Benzodiazepines, or “benzos”, are a class of medications commonly prescribed to treat anxiety disorders, insomnia, muscle spasms, and seizures. These medications work by targeting specific receptors in the brain, resulting in therapeutic effects similar to those of their pharmacological predecessors, barbiturates. They were introduced as a safer alternative to barbiturates which carried higher risks of addiction and drug interaction, as well as potentially excessive sedative effects. Still, benzodiazepines can carry some risks.
How Benzodiazepines Work
Benzodiazepines exert their effects by enhancing the actions of a naturally occurring neurotransmitter called gamma-aminobutyric acid (GABA). GABA is an inhibitory neurotransmitter that helps regulate brain activity and reduce neuronal excitability, resulting in a calming effect.
First, benzodiazepines bind to specific receptors called benzodiazepine receptors located on GABA-A receptors in the brain. These receptors are primarily found in areas involved in anxiety regulation, such as the limbic system.
This binding enhances the activity of GABA, where a number of molecular reactions take place which decrease neuronal excitability thereby dampening the transmission of signals in the brain. The results are a sedative effect. The increased inhibition of brain activity helps alleviate anxiety, induce relaxation, and promote sleep.
A shortage of GABA can lead to neurons firing too often and prevent the body from coming down from a physiological stature of heightened activity. These shortages have been shown to have a direct correlation with conditions such as anxiety and panic disorders, seizure disorders, and Parkinson’s syndrome. Benzodiazepines remedy this exact issue, which is why they are such effective medications.
The Different Types of Benzodiazepines
Benzodiazepines are primarily differentiated and classified based on how long the medication remains effective in the body, whether they are short-acting, intermediate-acting, or long-acting. This largely shapes what condition a certain type of benzo is safe to treat.
Long-acting benzodiazepines have a slower onset of action and a longer duration of effect, ranging between 1-3 days. Such extended duration makes this type of benzo ideal for the management of chronic conditions.
Intermediate-acting benzodiazepines have a duration between 11-20 hours (most of the types of benzodiazepine medications fall within this category) while short-acting benzodiazepines only have a duration between 3-8 hours. Typically, the shorter the duration of effect, the faster onset (amount of time until the drug exerts effects). Short-acting benzodiazepines are primarily used for short-term treatment of insomnia.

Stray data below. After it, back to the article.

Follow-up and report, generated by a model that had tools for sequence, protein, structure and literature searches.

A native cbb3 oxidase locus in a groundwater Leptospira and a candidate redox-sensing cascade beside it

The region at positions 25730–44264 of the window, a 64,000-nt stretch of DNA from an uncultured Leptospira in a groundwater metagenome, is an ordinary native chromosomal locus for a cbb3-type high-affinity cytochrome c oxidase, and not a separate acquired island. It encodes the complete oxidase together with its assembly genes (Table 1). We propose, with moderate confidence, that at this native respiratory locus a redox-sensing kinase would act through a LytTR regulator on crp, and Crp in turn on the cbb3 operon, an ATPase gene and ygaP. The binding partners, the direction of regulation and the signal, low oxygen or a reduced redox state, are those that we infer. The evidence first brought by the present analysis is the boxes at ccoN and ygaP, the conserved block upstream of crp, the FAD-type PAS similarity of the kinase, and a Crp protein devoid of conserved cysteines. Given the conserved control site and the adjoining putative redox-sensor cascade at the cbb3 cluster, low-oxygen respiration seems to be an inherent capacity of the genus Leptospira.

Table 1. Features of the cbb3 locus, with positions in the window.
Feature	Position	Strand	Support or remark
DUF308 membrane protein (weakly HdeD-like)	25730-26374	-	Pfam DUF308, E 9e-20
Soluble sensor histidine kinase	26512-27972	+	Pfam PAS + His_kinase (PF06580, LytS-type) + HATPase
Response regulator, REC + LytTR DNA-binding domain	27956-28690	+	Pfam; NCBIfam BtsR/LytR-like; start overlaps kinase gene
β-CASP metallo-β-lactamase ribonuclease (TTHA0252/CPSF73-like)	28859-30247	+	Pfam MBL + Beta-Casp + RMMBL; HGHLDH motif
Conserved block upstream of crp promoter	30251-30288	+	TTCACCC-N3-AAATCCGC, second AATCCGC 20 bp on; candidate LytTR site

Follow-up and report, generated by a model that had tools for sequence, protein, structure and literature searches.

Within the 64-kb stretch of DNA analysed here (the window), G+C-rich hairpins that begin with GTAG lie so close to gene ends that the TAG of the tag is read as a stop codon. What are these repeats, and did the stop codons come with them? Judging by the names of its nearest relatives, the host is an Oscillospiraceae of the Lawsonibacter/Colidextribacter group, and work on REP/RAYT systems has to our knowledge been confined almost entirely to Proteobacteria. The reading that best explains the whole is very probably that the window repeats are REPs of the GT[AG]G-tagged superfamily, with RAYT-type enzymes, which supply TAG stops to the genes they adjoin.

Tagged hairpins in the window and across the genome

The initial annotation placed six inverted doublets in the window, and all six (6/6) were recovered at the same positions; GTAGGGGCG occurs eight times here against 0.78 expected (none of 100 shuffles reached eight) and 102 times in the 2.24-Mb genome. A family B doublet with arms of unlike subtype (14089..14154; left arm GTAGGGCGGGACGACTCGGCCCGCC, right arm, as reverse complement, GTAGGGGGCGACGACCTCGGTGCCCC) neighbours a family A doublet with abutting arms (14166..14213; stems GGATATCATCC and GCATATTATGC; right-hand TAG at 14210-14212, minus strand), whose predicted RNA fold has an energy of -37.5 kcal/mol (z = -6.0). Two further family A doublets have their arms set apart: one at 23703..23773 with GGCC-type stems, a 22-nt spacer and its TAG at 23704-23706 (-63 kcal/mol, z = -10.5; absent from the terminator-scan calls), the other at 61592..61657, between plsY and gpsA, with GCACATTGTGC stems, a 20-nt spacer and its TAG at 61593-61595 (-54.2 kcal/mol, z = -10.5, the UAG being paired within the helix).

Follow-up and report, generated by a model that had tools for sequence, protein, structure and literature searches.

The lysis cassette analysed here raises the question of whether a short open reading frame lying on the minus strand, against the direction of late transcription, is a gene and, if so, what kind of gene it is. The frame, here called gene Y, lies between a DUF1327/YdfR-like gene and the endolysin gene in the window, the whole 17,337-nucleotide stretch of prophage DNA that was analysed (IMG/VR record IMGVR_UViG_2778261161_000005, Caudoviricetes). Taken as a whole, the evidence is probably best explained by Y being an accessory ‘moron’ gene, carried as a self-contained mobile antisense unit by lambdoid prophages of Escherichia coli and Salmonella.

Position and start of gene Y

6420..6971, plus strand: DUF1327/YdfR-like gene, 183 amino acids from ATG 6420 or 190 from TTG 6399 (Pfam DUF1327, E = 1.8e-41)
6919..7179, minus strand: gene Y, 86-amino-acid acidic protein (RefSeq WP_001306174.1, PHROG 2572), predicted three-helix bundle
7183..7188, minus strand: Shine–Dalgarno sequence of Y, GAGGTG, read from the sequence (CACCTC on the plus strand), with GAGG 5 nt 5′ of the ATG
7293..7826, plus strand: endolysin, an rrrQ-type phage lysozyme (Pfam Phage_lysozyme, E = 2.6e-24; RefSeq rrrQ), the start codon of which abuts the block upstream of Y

Understanding the differences between long and short-acting benzodiazepines is crucial for safe use that minimizes the risk of adverse effects, drug interactions, or addiction.
Benzodiazepines Uses & Benefits
Benzodiazepines can be used to treat an impressively wide variety of medical conditions due to their sedative, muscle relaxant, and anticonvulsant properties (there are over 30 different types of benzos!) Some of the primary uses of benzodiazepines include:
Benzodiazepines exert a calming effect and as such, are the most widely prescribed medication for treating anxiety. They are used to alleviate symptoms of generalized anxiety disorder (GAD), panic disorder, social anxiety disorder, and specific phobias. These medications help reduce excessive anxiety and promote relaxation within as little as 30 minutes.
Types of benzodiazepines used for panic or anxiety attacks: Ativan, Librium, Tranxene, Valium, Versed, Xanax
Benzodiazepines can be helpful for short-term management of insomnia, particularly when associated with anxiety or difficulty falling asleep. By enhancing GABA activity, benzodiazepines reduce the time it takes to fall asleep (sleep latency) while also increasing total sleep time.
However, due to the risk of dependence and rebound insomnia, benzodiazepines are typically prescribed for short durations and in lower doses. They are most effective when used as part of a comprehensive treatment plan that includes sleep hygiene practices and behavioral interventions.
Types of benzodiazepines used for insomnia: Dalmane, Doral, Estazolam, Halcion, Restoril
Muscle Spasms & Seizures
Benzodiazepines have muscle relaxant properties, making them effective in treating conditions such as muscle spasms, tension headaches, spasticity associated with neurological conditions, and temporomandibular joint disorder (TMJ). They can do so by enhancing GABA activity, which in turn decreases the excitability of motor neurons in the spinal cord, making them fire less frequently.
Reducing neuronal excitability also helps prevent the spread of abnormal electrical activity that underlies seizures, which enables benzodiazepines to also be used as an anticonvulsant medication to prevent and treat seizures, including epileptic seizures and febrile seizures in children. In emergency situations, benzodiazepines such as diazepam or lorazepam are often administered intravenously to rapidly terminate acute seizures.
Type of benzodiazepines used for spasms or seizures: Ativan, Klonopin, Onfi, Tranxene, Valium
Other Uses for Benzodiazepines
In addition to the above FDA-approved indications, benzodiazepines also have several off-label uses (uses for treating conditions it wasn’t officially approved for) such as tic disorders, bipolar disorder, restless leg syndrome, an anesthetic, and even alcohol withdrawal.
If you suffer from any of the listed conditions and think benzodiazepines could help, talk to a mental health professional today for a better idea of how benzodiazepines could work for your specific situation.